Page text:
Earth & Space
A snapshot from the early Earth
Research into understanding how the Earth acquired its volatile elements suggests that primitive materials that formed early in the Solar System had a limited range in halogen compositions.
The physical and chemical evolution of planets relies on certain volatile elements, such as Hydrogen (H), Carbon (C), and Nitrogen (N). For instance, on Earth volatile elements influence magma chemistry, volcanism and the evolution of our atmosphere and climate. Perhaps most important, the presence of volatile elements is critical to the overall habitability potential of any planet. For these reasons, scientists have long been interested in understanding some fundamental questions as to how and when the Earth acquired its volatile elements and how volatiles are currently distributed between Earth's geochemical reservoirs, like the atmosphere and mantle. This research is not restricted to Earth alone, and there has been significant research into understanding the same questions for other planetary bodies, such as the Moon and Mars.
In order to understand the source of Earth's volatiles, we need to not only sample Earth's current inventory but also look to the past and try to characterize the planet's likely building blocks. What materials made Earth, and what do their volatile inventories look like? To do this, we can look at different meteorites. Meteorites fall to Earth as remnants of other planets (like Mars), the Moon, and asteroid "parent bodies" offer scientists a cross section of planetary compositions to study. In this study, we focused on primitive chondrites, which are meteorites that have undergone only minor to moderate chemical processing, such as being heated or aqueously altered by fluids. These samples have never been melted and offer a snapshot of primitive chemical compositions from the early Solar System.
We chose a wide range of primitive meteorites from different parent bodies with different physical and chemical attributes and measured a particular group of volatile elements, the halogens (chlorine, bromine and iodine). Our unique methodology enables the measurement of very small samples (which is often necessary when working with meteorites) with very low concentrations of these volatile elements. Halogens are very useful geochemical tracers, as they are present in low abundances and they track with water, allowing us to study the fate of Earth's volatile inventory. Halogens are also important constituents of salts and a balanced salt budget is critical to the development of life on Earth. Prior to this research, it was thought that the Earth would have needed to lose a significant amount of its halogen budget (chlorine in particular) in order for life to develop because the meteorites that may represent material that formed Earth had a relatively high chlorine concentration. One popular proposed method for doing so is impact-driven removal of a chlorine-rich early crust on Earth. Although the mechanism is feasible, it is hard to envisage because it is difficult to exclusively lose chlorine from early Earth without affecting other elements of similar volatility, like potassium or sodium.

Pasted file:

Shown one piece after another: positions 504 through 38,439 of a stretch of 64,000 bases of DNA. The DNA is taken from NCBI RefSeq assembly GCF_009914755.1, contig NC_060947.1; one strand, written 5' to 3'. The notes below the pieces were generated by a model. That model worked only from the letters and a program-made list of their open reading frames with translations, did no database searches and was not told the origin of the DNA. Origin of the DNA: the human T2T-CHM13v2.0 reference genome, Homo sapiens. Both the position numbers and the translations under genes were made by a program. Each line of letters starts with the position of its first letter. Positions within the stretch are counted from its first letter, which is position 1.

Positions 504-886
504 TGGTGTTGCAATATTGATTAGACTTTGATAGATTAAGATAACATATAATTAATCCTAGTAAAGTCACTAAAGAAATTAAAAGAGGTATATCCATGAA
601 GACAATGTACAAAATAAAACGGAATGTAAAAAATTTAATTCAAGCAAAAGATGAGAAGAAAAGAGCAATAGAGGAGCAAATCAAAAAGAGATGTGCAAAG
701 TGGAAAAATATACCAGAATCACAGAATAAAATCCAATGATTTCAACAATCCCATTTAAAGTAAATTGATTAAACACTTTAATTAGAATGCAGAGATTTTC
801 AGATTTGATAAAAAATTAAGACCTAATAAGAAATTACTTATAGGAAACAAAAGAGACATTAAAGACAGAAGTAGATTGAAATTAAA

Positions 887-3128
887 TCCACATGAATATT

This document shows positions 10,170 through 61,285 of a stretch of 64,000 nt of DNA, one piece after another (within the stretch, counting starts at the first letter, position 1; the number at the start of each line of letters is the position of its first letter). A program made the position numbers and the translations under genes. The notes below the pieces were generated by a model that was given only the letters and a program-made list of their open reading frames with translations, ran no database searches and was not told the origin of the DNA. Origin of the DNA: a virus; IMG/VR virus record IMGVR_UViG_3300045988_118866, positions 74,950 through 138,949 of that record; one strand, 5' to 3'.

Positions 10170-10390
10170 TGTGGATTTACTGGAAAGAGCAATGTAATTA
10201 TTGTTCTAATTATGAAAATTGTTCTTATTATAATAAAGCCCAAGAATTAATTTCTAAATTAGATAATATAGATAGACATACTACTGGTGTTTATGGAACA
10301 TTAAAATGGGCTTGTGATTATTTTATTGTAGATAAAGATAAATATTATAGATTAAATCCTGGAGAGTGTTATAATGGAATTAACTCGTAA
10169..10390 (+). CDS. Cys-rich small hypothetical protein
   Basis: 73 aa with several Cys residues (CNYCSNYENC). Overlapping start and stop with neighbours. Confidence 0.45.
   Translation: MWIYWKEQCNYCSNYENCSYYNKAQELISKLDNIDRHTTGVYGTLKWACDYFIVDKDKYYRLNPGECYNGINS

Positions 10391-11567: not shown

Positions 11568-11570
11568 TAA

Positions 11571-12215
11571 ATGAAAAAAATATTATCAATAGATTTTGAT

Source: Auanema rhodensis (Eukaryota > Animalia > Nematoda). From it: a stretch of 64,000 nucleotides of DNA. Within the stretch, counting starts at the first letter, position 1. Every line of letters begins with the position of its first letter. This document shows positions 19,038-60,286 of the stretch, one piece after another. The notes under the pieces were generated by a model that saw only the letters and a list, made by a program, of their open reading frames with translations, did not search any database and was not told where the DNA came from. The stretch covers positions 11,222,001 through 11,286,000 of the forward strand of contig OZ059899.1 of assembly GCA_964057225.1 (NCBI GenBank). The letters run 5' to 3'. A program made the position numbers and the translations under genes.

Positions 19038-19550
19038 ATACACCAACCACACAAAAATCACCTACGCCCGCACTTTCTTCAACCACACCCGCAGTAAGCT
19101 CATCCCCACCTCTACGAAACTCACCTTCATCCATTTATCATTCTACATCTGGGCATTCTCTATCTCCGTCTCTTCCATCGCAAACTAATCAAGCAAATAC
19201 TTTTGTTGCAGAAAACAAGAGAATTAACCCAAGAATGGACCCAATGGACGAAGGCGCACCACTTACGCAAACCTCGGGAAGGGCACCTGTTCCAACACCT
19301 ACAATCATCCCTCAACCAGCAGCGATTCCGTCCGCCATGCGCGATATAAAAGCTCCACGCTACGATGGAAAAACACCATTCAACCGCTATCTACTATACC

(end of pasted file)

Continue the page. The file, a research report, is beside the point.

We measured the halogen concentrations in over twenty small meteorite samples. We found that across very different meteorite types and chemical compositions, the ratios of halogens were remarkably similar, and furthermore very similar to the ratios preserved in the silicate Earth today. These ratios are also very different from other planetary materials, like pieces of the Moon and Mars. We also found that the absolute halogen concentrations were very low - a different result to previous studies. These results show that the Earth formed from materials that had much lower halogen abundances than previously thought, which means that early Earth didn't need to exclusively lose chlorine, it simply formed from materials with low chlorine to begin with. This simple explanation means that early Earth didn't require impact-driven removal of halogens and places the halogens squarely in line with elements of similar volatility. Our results also have implications for where and how Earth's volatiles were delivered - that a significant portion of Earth's halogen budget was retained from initial accretion.
Original Article:P. L. Clay et al., Halogens in chondritic meteorites and terrestrial accretion. Nature 551, 614-618 (2017)
Next read: How the early Earth evolved from a hellish to a habitable world by Yoshinori Miyazaki , Jun Korenaga
Massimo Caine , Founder and Director
We thought you might like
The fragrance of plants: how their perfume pervades the airApr 18, 2018 in Plant Biology | 3.5 min read by Joshua Widhalm , Funmilayo Adebesin , Natalia Dudareva
A four-legged ancestor led the way for early whales dispersalSep 16, 2019 in Evolution & Behaviour | 4 min read by Olivier Lambert
What space dust could tell us about Earth’s pastJan 5, 2021 in Earth & Space | 3 min read by Rebecca Payne
A neighborhood in space: finding the Moon’s age to understand Earth’s evolutionFeb 1, 2021 in Earth & Space | 3.5 min read by Maxime Maurice
More from Earth & Space
The missing galaxies in the early universeMay 29, 2023 in Earth & Space | 4 min read by Alba Covelo Paz
Pluto orbits in elegant arrangement with the giant planetsMay 24, 2023 in Earth & Space | 3 min read by Renu Malhotra
The mystery of fast radio bursts: another piece to the puzzle that doesn’t quite fitMay 17, 2023 in Earth & Space | 4 min read by Franz Kirsten
How the early Earth evolved from a hellish to a habitable worldMay 19, 2023 in Earth & Space | 4 min read by Yoshinori Miyazaki , Jun Korenaga
Can dark matter interact with itself?May 10, 2023 in Earth & Space | 3 min read by Dimitra Gerolymatou